Democrat and Chronicle from Rochester, New York on January 7, 1970 · Page 37
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Democrat and Chronicle from Rochester, New York · Page 37

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Rochester, New York
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Wednesday, January 7, 1970
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Page 37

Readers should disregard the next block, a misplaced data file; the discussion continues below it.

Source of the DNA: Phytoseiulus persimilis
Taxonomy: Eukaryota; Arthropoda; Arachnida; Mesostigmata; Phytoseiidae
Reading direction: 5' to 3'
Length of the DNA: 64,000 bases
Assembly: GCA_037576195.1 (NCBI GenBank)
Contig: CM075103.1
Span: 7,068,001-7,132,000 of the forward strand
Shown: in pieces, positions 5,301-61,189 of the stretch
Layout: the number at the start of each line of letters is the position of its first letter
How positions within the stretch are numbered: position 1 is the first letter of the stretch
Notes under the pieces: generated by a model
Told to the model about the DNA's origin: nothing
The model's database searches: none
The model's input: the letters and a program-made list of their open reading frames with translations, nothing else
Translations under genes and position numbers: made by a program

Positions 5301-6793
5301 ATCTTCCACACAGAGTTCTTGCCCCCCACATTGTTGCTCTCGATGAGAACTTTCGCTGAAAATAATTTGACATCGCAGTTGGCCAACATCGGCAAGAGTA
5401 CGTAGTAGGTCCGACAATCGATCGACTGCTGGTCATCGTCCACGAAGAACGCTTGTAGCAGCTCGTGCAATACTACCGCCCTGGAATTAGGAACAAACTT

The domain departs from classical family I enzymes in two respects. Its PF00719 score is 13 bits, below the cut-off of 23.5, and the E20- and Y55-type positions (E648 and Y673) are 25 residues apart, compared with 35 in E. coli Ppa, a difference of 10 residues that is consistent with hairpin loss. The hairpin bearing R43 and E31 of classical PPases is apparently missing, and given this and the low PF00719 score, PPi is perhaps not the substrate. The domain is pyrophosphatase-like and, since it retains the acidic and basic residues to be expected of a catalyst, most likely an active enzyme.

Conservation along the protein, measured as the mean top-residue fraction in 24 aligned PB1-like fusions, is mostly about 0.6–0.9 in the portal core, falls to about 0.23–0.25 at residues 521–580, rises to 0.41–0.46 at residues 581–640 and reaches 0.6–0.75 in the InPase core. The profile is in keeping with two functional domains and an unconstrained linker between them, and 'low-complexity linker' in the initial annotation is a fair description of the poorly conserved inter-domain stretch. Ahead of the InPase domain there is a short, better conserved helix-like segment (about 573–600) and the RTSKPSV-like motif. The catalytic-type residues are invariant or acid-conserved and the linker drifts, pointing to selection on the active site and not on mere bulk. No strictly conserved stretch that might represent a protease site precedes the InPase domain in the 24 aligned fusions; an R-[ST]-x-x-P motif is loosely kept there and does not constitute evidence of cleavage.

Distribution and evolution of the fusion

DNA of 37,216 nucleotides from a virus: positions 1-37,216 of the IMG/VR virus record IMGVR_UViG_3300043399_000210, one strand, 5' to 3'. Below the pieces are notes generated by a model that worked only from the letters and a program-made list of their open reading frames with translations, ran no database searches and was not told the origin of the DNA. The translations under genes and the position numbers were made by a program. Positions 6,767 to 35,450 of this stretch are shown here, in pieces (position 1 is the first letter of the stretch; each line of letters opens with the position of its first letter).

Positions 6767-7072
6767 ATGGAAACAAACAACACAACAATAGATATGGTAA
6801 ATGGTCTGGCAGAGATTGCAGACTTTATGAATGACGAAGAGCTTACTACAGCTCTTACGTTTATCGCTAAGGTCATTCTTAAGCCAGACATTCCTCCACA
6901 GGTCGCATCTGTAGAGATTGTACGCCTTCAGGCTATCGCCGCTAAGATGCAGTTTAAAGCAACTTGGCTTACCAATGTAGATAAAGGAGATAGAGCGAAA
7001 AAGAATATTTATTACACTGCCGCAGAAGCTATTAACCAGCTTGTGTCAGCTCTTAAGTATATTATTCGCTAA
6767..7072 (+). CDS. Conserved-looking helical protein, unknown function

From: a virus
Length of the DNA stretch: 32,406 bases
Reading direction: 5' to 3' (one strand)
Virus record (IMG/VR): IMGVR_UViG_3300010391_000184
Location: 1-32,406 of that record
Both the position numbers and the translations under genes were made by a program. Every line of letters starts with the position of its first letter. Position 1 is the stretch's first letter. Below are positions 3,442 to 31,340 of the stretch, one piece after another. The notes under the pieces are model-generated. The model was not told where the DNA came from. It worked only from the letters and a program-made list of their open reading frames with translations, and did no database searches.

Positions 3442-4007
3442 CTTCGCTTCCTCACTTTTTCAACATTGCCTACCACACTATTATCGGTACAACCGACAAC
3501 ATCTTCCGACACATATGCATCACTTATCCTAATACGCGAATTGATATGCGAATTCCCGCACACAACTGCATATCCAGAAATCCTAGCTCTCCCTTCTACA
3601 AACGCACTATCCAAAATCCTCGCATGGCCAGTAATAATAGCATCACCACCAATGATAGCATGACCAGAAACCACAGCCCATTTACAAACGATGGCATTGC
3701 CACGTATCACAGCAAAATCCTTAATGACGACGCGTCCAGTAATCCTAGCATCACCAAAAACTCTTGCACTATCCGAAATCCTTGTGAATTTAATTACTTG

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93i Bird Report On Page 2E SECTION ROCHESTER, N. Y., WEDNESDAY, JANUARY 7, 1970 Men Outdoors Snowmobiles Strike Back By FLOYD KING Everyone seems to be jumping on the snowmobiles these days, not to ride them but to criticize them. It's not only a problem In Monroe County where some folks would Ike to ban the noisy machines entirely, particularly in the parks. The same controversy erupted recently In Maine, only more so when a proposal was made to open Baxter State Park to the snow sleds. This park is protected by a "forever wild" clause almost identical to that safeguarding the Adirondack Preserve. Maine conservation groups and the status quo crowd hit the ceiling. At a hearing on the proposal, the snowmobilcrs were attacked with just about every charge Imaginable. The snowmobile clubs counter-attacked just as I! l Instead of ruling on the h "'"-'' , 1 basis of the emotional POU ' '" v testimony. Maine legislators decided to get the facts. Forest rangers and came wardens were w f hat 's Happening? They Won fSay 1 .. ' i-'-wi i i By JACK O'CONNELL The score is 10-7 and the home football team has the ball third and six on its own 48. There are three and a half minutes left in the game and for the home team, this probably is the biggest play of the day. The crowd has finished its cheering and is now quieting down as the quarterback starts yelling his signals, The fans in the ballpark are on top of the action and they find it hard to sit still. In the television booth, the announcer, hired by the network to cover the game, now must convey the same feeling to millions of fans watching on television. "This Is an extra-special play," the announcer shouts, "and for those who like specials, stay tuned to this station when the XYZ network presents a special live and in color, starring Ding Crosby, Kathcrine Hepburn, the Three Here's one man's view of what the football 'color1 men are telling and not telling -viewers. ( Stooges, Jim Brown and Lassie." , "Crosby's my favorite singer," says the announcer's "expert" sidekick, a former football player. "I'm sure most of the fans will agree with .you there, Bruno," shouts (he pro an-nounrrr. "And do you know thai the XYZ special also will have Miss Hepburn singing for the first lime on television. Leave II to good old XYZ la come up with a special like that. And Bing Just may get poked In the eye by one of the Stooges." 'That o u g h t a be funny, Lindsey," says Bruno. Down on the field, the home team's quarterback threw a pass to his big fullback on a surprise screen play that got eight yards and a first down with 3:01 left. The announcers? "He looked just like Jimmy Brown on that play," says Bruno. "Right you are, Bruno," shouts the announcer, "and Jim will be one of the featured guests on the Bing Crosby special that follows ihis telecast." "Jim Is my favorite football player turned actor," uvi Bruno, "except for Craiy legs llinch." "Well, he'll be doing a duct with Lassie." says Lindsey. "Who, Crszylegs?" asks Bruno. "No, Jimmy Brown." shouts the announcer. "And for the first time on network TV, right here on good old XYZ, you football fans will get to see Lassie doing her Impersonation of Bulldog Turner, never before seen on TV." During all this, the home team has scored on a 21-yard touchdown pass and has be come the champion of its division. All right, the point has been stretched a bit far, but there are many football fans who believe there's too much chatter going on between announcers In the television booth. And, what's worse Is that much of It has nothing to do with football. One such case was a game between the Los Angeles Rams and the San Francisco 49ers when CBS announcers Jack Buck and Pat Suinmerall did not explain a penalty called on San Francisco because they were saying what a great acting job Roman Gabriel did in the latest John Wayne western. Who cares? Ask Louclla Parsons. The main problem is that there is one-too-many announcers in the booth. In the old days. Ted Husing. Bill Surn and Red Barber handled professional sports broadiaMs and telecasU all by them selves and did the job. But In this age of specialization, the networks have added a color man to the telecast. He's usually a former professional football player and he's there at the game to tell you how a play developed because, supposedly, the other pro announcer can't tell a screen pass from a screen door. Today, tne announcer has the technical help of the Instant replay, the Isolated camera, taped Interviews before the game and such. Mel Allen didn't have any of this and for years he worked New York Yankee baseball games alone and did It well. Some of the color men do nut offer much to the product. Those uho natch New York Giant football games find out quickly that Frank Glfford thinks every Giant should be on the All Pro learn. And Kyle Rote, Gilford's former teammate with the Giants In the Please turn page FLOYD KING assigned to track down every charge made at the nearing. The result: Not one accusation made against the snowmobile was substantiated. Baxter State Park has bcn opened to snowmobiling. Pennsylvania also is (airing a more liberal view of the growing sport. Beginning Jan. 15, when all hunting seasons end, the state's one million, one hundred thousand acres of state game lands will be opened to snowmobiles without restrictions. This does not mean the powered sleds are limited to a few marked highways and trails as they are in New York's Adirondacks. The snowmobile buffs can take off across country any place their powered sleds will go. And with the blessing of the Pennsylvania Game Commission. A Pennsylvania game warden explained the setup to me over the weekend. "All of these game lands were purchased with hunting license money so hunters have a prior claim on them," he said. "Snowmobiles are banned entirely for any purpose on the game lands until the hunting seasons end. "But this Is a day of multiple use. Our recreation demands are such that you can't lock up any lands for one favored group. We see no reason why the snowmobilcrs shouldn't use the lands for their sport after the hunting seasons are over, he added. "This doesn't mean we plan to close our eyes, he further explained, the came wardens will be riding snowmobiles too. If we find one outlaw harrassing game, we'll throw the book at him. And that, I might add, has the hearty approval of the snowmobile clubs." A . V Ice Fishing While in Pennsylvania, I checked up on the fishing at the Kinzua dam. It's terrific in the tail race, particularly for walleyes. The record fish caught last week weighed lO'i and 113 pounds and almost everyone was catching smaller walleyes. But don't overlook the Ice fishing closer to home. Perch fishing Is off to a great start at Silver Lake, Conesus and Honeoye and the northern pike catches at Sodus Bay have made it the best early-season fishing in recent years. Just as an example, Manuel Coelho of 247 McNaughton St., and Kavin Walsh of 43 Austin St. took IS northern pike through the ice at Sodus Bay and Joe Stavalone of 81 Glcndale Park caught 123 perch off Gray Shores at Conesus Lake last Sunday. Bird Drama Most bird watchers spend a lifetime at their hobby and never see the wildlife drama witnessed by Mrs. Donald Scott the other day at the bird feeder at her home at 33 Clark's Crossing, Fairport. "The trees and lawn were alive with birds, particularly goldfinches," Mrs. Scott said, "when suddenly everything froze. It was almost as if the birds had stopped in mid flight as they sensed disaster. "Out of nowhere a Northern Shrike appeared and headed for a Brown Creeper that knew it was the intended victim. The frantic bird didn't attempt to fly but maneuvered up and down and around the tree trunk. The chase seemed to last a minute or more but It was no use. The Shrike knocked the tiny bird down, killed It and took off with the victim in its claws." This was a rare incident. Only a dedicated birder ever sees and recognizes a Shrike, popularly called the butcher bird because of its unusual habit of impaling victims on a thorn or even a barbed wire fence for later consumption. It takes an even more dedicated birder to tell the difference between the Robin-size Northern and Loggerhead Shrikes. And even then, as bird columnist Joe Taylor says, he has to be about 10 feet away with a good pair of binoculars. But both Shrikes have the same butcher habit. It has always seemed a little odd that a bird with such gruesome traits should be classed as a songbird. But systematic ornithologists do so, probably because the bird does produce a sort of warbled song. However, even the ornithologists have their limits. They call a Shrike a predatory songbird. Seems a little like calling the Mafia humanitarian thugs. ' vt--o ''::;( T" Attention Dick Gamble Coach Red Kelly of the Pittsburgh Penguins has his own way Stars coarb Wren Blair was involved in an argument with SI. Louis of tuning out a hostile croud: Earmuffs. Kelly, who heard of fans sitting behind the Minnesota bench. However, as you can see another coach taking "abuse" from St. Louis fans, sported a pair by Kelly's disgusted face, the Blues scored five goals against Pen- of red earmuffs when bis team played the Blues. Minnesota North guins In first period. Final was 6-0, Kelly didn't hear a thing. (AP) Lake Placid in Spotlight Of Action Packed Weekend By FLOYD KING Racing, touring and club trips make the u p c o m i n g weekend just about the most action packed of the ski season. The Kennedy International Memorial Winter Games beginning Friday at Lake Placid will grab the biggest share of attention because of the big-name racers competing. Eleven countries participated in the opening games last year with Czechoslovakia the final point winner. U.S. CanadianNational Nordic teams w ill compete in the opening cross country race on Friday. The Masters International Ski Jump will be held Saturday followed by the Kennedy Games Ski Jump on Sunday. Just a ski length behind the Kennedy Games in local interest is the Oneida Silversmiths Trophy Race at Snow Ridge on Sunday. This 50-gate race is a favorite with both racers and spectators. A number of Rochester skiers have already sent, in advance entries. The Silversmiths Race also will be the main attraction for area junior racers this weekend since special events are run for them. It is sanctioned by the United States Amateur Ski Association so racers, both senior and junior, can build up their all-important points, The Bristol Mountain Ski Club which includes just about the best junior racers in the Rochester area, will be dividing its attention between Snow Ridge and Labrador Moun tain. Many will compete in an all class junior race at Labrador on Saturday and go on to Turin for the Silversmiths competition on Sunday. If there are any senior racers still looking for competition on the weekend they can go down to Greek Peak and try their wings in the NAS-TAR race. That's a time race against times set by the nation's top racers. Greek Peak is one of the areas in the cast selected for this national competition. The race will be on Sunday at 10 a.m. Down at Holiday Valley at Ellicottville the big attraction this weekend will be the Norwegian Olympian Stein Erik- sen. Stein will be there both Saturday and Sunday and the area is planning a number of "Party with Stein" events both on the slopes and in the chalets. There are two local cross country events scheduled. The Genesee Valley Ski Council will have a cross country tour in Powder Mill Park on Sunday with Council president Mai Stamp leading the way. The Genesee Valley chapter of the Adirondack Mountain Club has also scheduled cross country skiing cn Sunday at Pine Hill in the Cohocton-Naples area. Henry Staehle is the leader. Skiers planning to be at Sportsman's Datebook Genesee Valley Hiking Club plans a vigorous all-day hike Sunday in Letchworth Park. Meet at 9 a.m. at Red Cross parking lot on Clinton Avenue South. Mendon Ponds Natural History Association meeting Monday at 8 p.m. in the Parks Department auditorim, 373 Westfall Road, to hear lapidarists Mr. and Mrs. Robert Bowie on "A Visit to an Emerald Mine." Masters International Ski Jumping Tournament Saturday at the Intervales Hill at Lake Placid. Formal opening Saturday of the Kennedy Memorial International Winter Games at the Olympic Arena at Lake Placid. Tri-county Snowmobile Championship Races on Saturday and Sunday at Copenhagen. Louise Orvis Trophy Slalom Derby, one of the major ski races of the season, on Saturday and Sunday at Big Bromley in Vermont. Genesee Valley Ski Council cross country tour on Sunday in Powder Mill Park. S t r a 1 1 o n Mountain for the weekend may want to take their touring gear along. The New Y'ork Ski Touring Council will have a workshop there with lectures and demonstrations and ski touring trips. The Monroe Y Ski Club has an entire week of skiing scheduled for members at Gray Rocks in the Laurentians. The Club will go by bus, leaving Friday night from the Monroe Y. The group also will be skiing Mt. Tremblant. Ken Tice is trip leader. The Xerox Ski Club officially opens its ski season on Saturday with a trip to Snow Ridge. It's also a bus trip with the bus leaving Xerox Square at 7 a.m. The Rochester Ski Club will meet Friday night at Ski Valley to ski and to plan future trips for this season. SNOWFLAKES: John Clair, president of the New York State Winter Sports Council, has been elected to the National Skiing Hall of Fame in recognition of his 40 years' service to the sport . . . Hermann Gollner, the current ski acrobat featured in just about every new ski movie, starts off Learn-to-Ski weeks at Big Bromley with a demonstration of his aerial flips. Sure gives the beginners something to shoot at . . . "This is ridiculous," wires Foster Chandler of Killington. "We needed 12 inches of snow to put our slopes in super shape and got four and a half feet. But we packed it down and now have some of the finest skiing in years." Sideslipping Secret of Good Skiing Would you like to know one of the real secrets of skiing? If so. study today's illustration carefully. Below, you sec three drawings of me skiing across the hill. In a way, I am traversing or, as your ski instructor would say, I am skiing across the fall line. However, I'm not actually moving exactly in the direction my skis point Instead I am sliding both forward and sidewards at the same time. Technically, you would say I am sideslipping diag- Jean-Claude Killy onally. There are many variations of sideslipping and each one is handy u-nrfh w h 1 1 a nracticinZ. Also the turns which good skiers use (Christies) basically consist of sideslipping. It is important to learn this method. Sideslipping is skidding. First I start moving across the hill. My body is in the proper traversing position to insure that my skis cut a clean, shelf-like track in the snow. Your legs and feet do not have to be as close together as mine are. Sometimes I hold them very close because it looks good, but it is harder to keep balanced. On the other hand, any maneuver on skis, sideslipping included, becomes awkward when your feet become separated by more than eight inches. In the middle figure, I have rolled my knees and ankles away from the hill. That movement is called releasing the edges. Some people call it flattening the skis. But for sideslipping you don't ever actually flatten the skis on the snow. They must always be on their uphill edges, at least slightly. The lower ankle must also bend away from the slope (small diagram) to make the release of the edges even easier. I like to think of the work which the knees and ankles do in sideslipping this way: the knees are the gross adjusters, while the ankles are the fine tuners. In the last figure, you'll see that I have re-edged my skis by bringing my knees back toward the slope and allowing my shoulders to tilt slightly toward the valley all movements which lead me back on to a new traverse. W ! I